Throughout the 20th century, women in the small rural village of Gee’s Bend, Alabama, made quilts as labors of love and necessity, eventually attaining economic freedom through their creations. In a manner befitting both their function and the deeply personal context of their creation, the museum is displaying the quilts on the Pope family beds. All five quilts in Hill-Stead’s exhibition, representing four African American artists – Charlotte McKinney of Statham, GA, Qunnie Pettway of Gee’s Bend, AL, Polly Raymond of Gee’s Bend, AL and Hartford, CT’s own Ed Johnetta Miller – are on loan through the generosity of Ed Johnetta Miller, a fiber artist, quilter, teacher, curator and lecturer who is recognized as one of the most creative and colorful improvisational quiltmakers in the U.S. See the quilts on a regular museum tour, or schedule a special group tour by calling 860-677-4787 ext 140. Visit www.hillstead.org for more information.
Ed Johnetta Miller is the recipient of the State of Connecticut’s most prestigious artistic award, The Governor’s Art Award, as well as the Wadsworth Atheneum Museum of Arts first President’s award, Leadership of Greater Hartford's Arts and Cultural Award, Vision Award for Arts, and Cultural and Capital Community College Heritage Award. She is represented in many museum, corporate and private collections, including The National Gallery of the Smithsonian Institution in Washington, D.C., the Nelson Mandela National Museum in Cape Town, South Africa, and the Wadsworth Atheneum Museum of Art in Hartford, CT . She has also appeared on numerous television shows, including the Modern Masters series on the Home and Garden station, Debbie Allen’s series “Cool Women,” and HGTV’s Simply Quilts. Her woven creations were worn by actress Phylicia Rashad on “The Cosby Show,” and she was featured in The New York Times Sunday Best of the Best series.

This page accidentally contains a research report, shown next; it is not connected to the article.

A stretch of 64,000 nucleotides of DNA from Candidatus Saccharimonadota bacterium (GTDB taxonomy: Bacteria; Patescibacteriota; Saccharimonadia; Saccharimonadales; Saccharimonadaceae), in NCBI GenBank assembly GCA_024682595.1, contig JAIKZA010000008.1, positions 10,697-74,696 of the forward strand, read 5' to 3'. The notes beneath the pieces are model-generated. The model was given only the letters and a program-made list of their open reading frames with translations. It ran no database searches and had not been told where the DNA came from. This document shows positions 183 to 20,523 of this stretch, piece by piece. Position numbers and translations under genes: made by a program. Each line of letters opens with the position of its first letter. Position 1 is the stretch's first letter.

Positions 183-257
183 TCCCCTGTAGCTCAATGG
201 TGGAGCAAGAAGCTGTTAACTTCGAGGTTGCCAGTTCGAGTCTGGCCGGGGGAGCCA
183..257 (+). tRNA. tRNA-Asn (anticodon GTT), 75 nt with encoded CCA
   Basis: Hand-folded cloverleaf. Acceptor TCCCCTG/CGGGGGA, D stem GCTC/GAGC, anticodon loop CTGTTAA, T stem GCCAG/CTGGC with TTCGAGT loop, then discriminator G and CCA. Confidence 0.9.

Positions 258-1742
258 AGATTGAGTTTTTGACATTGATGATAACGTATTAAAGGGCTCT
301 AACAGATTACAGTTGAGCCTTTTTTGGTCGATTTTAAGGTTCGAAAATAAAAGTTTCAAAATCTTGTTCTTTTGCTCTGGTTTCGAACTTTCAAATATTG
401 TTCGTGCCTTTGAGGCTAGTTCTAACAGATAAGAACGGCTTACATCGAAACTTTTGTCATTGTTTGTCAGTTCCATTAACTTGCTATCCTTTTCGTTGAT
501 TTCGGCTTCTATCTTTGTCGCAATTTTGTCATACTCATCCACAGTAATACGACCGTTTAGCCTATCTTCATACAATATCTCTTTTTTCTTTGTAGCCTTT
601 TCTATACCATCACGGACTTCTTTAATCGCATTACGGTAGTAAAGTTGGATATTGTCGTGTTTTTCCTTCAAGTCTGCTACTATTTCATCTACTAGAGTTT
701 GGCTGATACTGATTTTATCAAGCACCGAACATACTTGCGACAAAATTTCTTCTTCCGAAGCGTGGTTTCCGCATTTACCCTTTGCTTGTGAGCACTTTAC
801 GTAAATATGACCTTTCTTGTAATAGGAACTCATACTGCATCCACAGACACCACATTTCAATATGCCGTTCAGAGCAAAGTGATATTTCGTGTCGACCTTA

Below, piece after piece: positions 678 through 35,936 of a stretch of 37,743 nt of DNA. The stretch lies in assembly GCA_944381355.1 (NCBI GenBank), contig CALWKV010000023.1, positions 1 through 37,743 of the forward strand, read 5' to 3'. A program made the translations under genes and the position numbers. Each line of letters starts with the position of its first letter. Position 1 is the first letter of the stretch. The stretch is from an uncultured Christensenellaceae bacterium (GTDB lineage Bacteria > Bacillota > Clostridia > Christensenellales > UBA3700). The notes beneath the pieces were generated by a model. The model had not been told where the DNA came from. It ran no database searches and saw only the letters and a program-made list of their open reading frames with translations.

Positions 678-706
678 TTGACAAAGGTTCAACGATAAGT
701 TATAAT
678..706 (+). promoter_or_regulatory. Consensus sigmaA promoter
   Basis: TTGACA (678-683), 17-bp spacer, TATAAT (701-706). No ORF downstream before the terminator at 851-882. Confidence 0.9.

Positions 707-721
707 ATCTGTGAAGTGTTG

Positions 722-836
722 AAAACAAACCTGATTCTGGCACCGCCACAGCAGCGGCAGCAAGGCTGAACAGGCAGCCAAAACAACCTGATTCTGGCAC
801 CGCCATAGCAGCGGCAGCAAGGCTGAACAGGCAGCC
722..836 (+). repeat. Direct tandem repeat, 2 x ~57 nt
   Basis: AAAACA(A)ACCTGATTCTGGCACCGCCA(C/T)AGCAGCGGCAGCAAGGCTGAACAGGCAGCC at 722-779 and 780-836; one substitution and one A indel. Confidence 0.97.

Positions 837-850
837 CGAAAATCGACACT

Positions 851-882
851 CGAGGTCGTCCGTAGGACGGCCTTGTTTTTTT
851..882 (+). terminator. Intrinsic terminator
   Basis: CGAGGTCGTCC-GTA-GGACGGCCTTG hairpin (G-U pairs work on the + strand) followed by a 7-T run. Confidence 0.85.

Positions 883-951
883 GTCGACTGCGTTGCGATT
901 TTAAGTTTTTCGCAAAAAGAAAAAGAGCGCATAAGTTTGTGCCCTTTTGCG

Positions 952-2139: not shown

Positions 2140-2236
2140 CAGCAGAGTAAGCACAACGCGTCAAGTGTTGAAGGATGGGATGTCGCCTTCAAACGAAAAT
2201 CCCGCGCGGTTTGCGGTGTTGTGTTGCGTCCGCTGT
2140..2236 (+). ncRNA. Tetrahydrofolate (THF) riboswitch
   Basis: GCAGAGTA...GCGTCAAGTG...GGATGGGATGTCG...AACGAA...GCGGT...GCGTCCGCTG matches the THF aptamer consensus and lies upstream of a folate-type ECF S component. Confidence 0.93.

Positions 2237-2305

“We are thrilled with the community’s response to this exhibition,” commented Hill-Stead’s Director, Dr. Sue Sturtevant, “It has been even better than we imagined. And one of the best aspects of it is that the museum’s architect and founder, Theodate Pope Riddle, would be among the first to champion the Community Threads project and the importance of having these quilts on the beds here. From the project’s celebration of community and teamwork, to the strength and independence of the Gee’s Bend women, to the actual stitchery itself – Theodate ran a small sewing school in her earliest years at Hill-Stead – she would be thrilled that Hill-Stead Museum is a part of this exciting exhibition and all of its components.”
Community Health Services (CHS), is a private, nonprofit, federally qualified health center located in Hartford’s vibrant North End community. Established in 1970, CHS has grown to be the largest community health center in Hartford, responsible for serving the medical needs of 18,000 a year; but they also realize that the health of a community rests in more than clinical diagnosis. To that end, CHS and its Community Threads partners – 23 arts, civic and religious organizations – sponsored this project, the brainchild of Dr. Sedrick Rawlins, a Board member of CHS. “The weaving of these threads helped keep a community together during some very difficult times,” remarked Dr. Rawlins, who first conceived of Community Threads as a way to bring beautiful, hand-made quilts into the medical facility as decoration, then turned it into so much more.
A National Historic Landmark and an Official Project of Save America’s Treasures, Hill-Stead Museum in Farmington, CT, is a member of CT’s Historic Gardens and a stop on the Connecticut Art Trail (www.arttrail.org), a partnership of fifteen world-class museums and historic sites across the state. The museum’s period rooms are open for tours Tuesday through Sunday, 11 am – 3 pm, November - April, and 10 am – 4 pm May - October. The last tour of the day begins one hour before closing. Grounds are open to the public daily 7:30 am-5:30 pm. For tour and program information, browse www.hillstead.org or call 860.677.4787.
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